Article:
HarperCollins sales up 11% in fourth quarter

HarperCollins sales up 11% in fourth quarter

HarperCollins achieved an 11% rise in revenues in the fourth quarter of 2016, although annual results were hampered by lower e-book sales and negative foreign currency fluctuations.

For the three months ending 30th June, HarperCollins achieved an 11% rise in revenues to $433m (£333.5m) and a 52% increase in ebitda to $50m (£38.5m).

News Corp, HarperCollins’ parent company, said the strong fourth quarter was thanks to the popularity of front-list titles such as The Nest by Cynthia D’Aprix Sweeney, The Rainbow Comes and Goes by Anderson Cooper and The World’s Worst Children by David Walliams, as well as a $19m (£14.6m) impact from the additional week in the quarter. Digital sales accounted for 19% of its book revenues.

However, full-year results for fiscal 2016 were down 1% to $1.6bn (£1.2bn), compared to fiscal 2015, because of lower revenues from Veronica Roth’s Divergent series, lower e-book sales and negative foreign currency fluctuations.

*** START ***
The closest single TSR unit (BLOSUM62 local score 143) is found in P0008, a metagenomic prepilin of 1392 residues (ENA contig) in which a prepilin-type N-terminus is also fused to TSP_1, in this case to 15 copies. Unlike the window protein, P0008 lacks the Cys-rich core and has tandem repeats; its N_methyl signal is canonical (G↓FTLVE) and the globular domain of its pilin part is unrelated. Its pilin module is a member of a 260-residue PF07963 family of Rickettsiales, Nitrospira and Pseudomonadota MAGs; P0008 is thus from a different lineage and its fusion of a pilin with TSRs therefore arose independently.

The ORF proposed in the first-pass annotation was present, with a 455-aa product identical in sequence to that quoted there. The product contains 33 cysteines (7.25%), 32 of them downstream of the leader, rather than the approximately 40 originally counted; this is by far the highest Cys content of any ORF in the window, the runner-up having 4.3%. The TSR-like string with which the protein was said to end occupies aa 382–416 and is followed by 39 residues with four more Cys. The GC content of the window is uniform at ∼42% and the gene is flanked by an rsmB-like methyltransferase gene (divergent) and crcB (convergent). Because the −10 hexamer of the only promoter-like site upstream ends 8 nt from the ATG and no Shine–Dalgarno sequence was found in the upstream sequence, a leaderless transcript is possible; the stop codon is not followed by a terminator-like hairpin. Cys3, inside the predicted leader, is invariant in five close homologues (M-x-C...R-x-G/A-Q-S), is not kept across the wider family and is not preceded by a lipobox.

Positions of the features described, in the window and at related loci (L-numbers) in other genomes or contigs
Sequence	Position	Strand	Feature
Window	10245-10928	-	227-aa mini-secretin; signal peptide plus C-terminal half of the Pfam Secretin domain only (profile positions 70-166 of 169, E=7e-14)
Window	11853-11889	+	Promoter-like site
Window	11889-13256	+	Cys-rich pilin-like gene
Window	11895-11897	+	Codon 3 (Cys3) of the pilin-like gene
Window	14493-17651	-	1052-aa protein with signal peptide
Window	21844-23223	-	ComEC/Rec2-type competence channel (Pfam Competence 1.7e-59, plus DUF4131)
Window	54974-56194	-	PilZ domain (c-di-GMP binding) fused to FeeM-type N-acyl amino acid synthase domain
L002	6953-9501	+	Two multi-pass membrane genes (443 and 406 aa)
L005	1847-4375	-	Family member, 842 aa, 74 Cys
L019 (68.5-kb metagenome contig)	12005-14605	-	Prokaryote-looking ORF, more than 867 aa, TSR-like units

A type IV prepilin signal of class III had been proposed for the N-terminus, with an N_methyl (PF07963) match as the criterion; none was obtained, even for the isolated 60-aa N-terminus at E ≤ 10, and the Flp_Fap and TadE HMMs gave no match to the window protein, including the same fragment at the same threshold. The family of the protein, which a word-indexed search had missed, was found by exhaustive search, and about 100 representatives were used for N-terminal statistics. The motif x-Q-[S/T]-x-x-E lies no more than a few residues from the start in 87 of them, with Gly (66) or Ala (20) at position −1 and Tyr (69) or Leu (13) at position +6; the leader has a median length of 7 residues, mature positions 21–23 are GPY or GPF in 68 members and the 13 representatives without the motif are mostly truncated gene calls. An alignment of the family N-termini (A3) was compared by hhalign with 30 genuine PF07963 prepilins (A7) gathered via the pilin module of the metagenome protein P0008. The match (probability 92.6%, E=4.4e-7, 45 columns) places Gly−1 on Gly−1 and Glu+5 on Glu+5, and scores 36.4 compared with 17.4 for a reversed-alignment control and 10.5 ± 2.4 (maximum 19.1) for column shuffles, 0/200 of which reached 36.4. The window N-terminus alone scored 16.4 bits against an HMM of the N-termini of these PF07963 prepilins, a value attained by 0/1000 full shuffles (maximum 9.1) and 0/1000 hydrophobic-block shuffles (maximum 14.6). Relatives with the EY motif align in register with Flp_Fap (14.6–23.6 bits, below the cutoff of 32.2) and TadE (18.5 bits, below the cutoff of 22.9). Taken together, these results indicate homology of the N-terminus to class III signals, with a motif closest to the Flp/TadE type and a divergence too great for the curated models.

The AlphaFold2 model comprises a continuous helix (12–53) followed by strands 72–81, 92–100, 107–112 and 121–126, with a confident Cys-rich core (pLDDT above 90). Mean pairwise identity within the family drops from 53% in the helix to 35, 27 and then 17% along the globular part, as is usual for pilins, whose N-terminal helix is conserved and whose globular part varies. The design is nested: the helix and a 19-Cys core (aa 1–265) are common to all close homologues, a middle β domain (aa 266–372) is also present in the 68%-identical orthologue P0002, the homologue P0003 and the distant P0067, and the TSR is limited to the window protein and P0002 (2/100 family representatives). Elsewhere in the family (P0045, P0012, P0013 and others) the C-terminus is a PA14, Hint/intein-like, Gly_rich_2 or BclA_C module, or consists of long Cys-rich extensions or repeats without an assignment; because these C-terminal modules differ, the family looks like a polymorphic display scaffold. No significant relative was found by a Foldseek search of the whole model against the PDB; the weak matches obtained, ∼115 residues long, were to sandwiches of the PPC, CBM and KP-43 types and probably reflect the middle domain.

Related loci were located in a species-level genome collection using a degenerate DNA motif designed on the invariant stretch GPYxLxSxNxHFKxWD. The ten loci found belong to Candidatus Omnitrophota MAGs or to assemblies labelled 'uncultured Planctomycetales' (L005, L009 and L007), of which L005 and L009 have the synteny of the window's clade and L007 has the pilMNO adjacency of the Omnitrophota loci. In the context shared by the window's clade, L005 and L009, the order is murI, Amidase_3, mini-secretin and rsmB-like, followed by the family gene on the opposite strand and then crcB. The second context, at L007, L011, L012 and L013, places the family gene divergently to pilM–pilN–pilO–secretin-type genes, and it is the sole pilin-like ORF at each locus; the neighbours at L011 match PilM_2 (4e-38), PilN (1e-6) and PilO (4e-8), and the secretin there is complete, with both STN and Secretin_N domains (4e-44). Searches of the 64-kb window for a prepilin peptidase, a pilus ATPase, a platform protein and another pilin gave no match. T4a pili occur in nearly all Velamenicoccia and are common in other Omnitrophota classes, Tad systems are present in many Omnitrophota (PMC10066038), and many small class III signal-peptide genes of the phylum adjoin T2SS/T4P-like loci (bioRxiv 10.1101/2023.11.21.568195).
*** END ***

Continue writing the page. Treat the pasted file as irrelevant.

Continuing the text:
HarperCollins’ ebitda for the year was down 16% to $185m (£142.5m).

However, highlights of the year included the release of Go Set a Watchman by Harper Lee, which is published by HarperCollins in the US, and the inclusion of Harlequin, which the company acquired in 2014.

News Corp chief executive Robert Thomson said: “We ended fiscal year 2016 with strong results in the fourth quarter, highlighted by robust year-over-year growth in revenues and ebitda at digital real estate services and an upturn at HarperCollins.

“Over the past year, we made clear progress on our primary goals – to become more digital and more global…. Book publishing ended the year strongly, highlighting our ability to leverage quality content across both print and digital platforms.”

News Corp’s overall revenues rose 5% to $2.2bn (£1.7bn) in the fourth quarter, whilst ebitda was $361m (£278m), up from $215m (£166m) in the prior year. Revenues from its news and information division, which includes the Times and the Sun, rose 1% to $1.42bn (£1.09bn).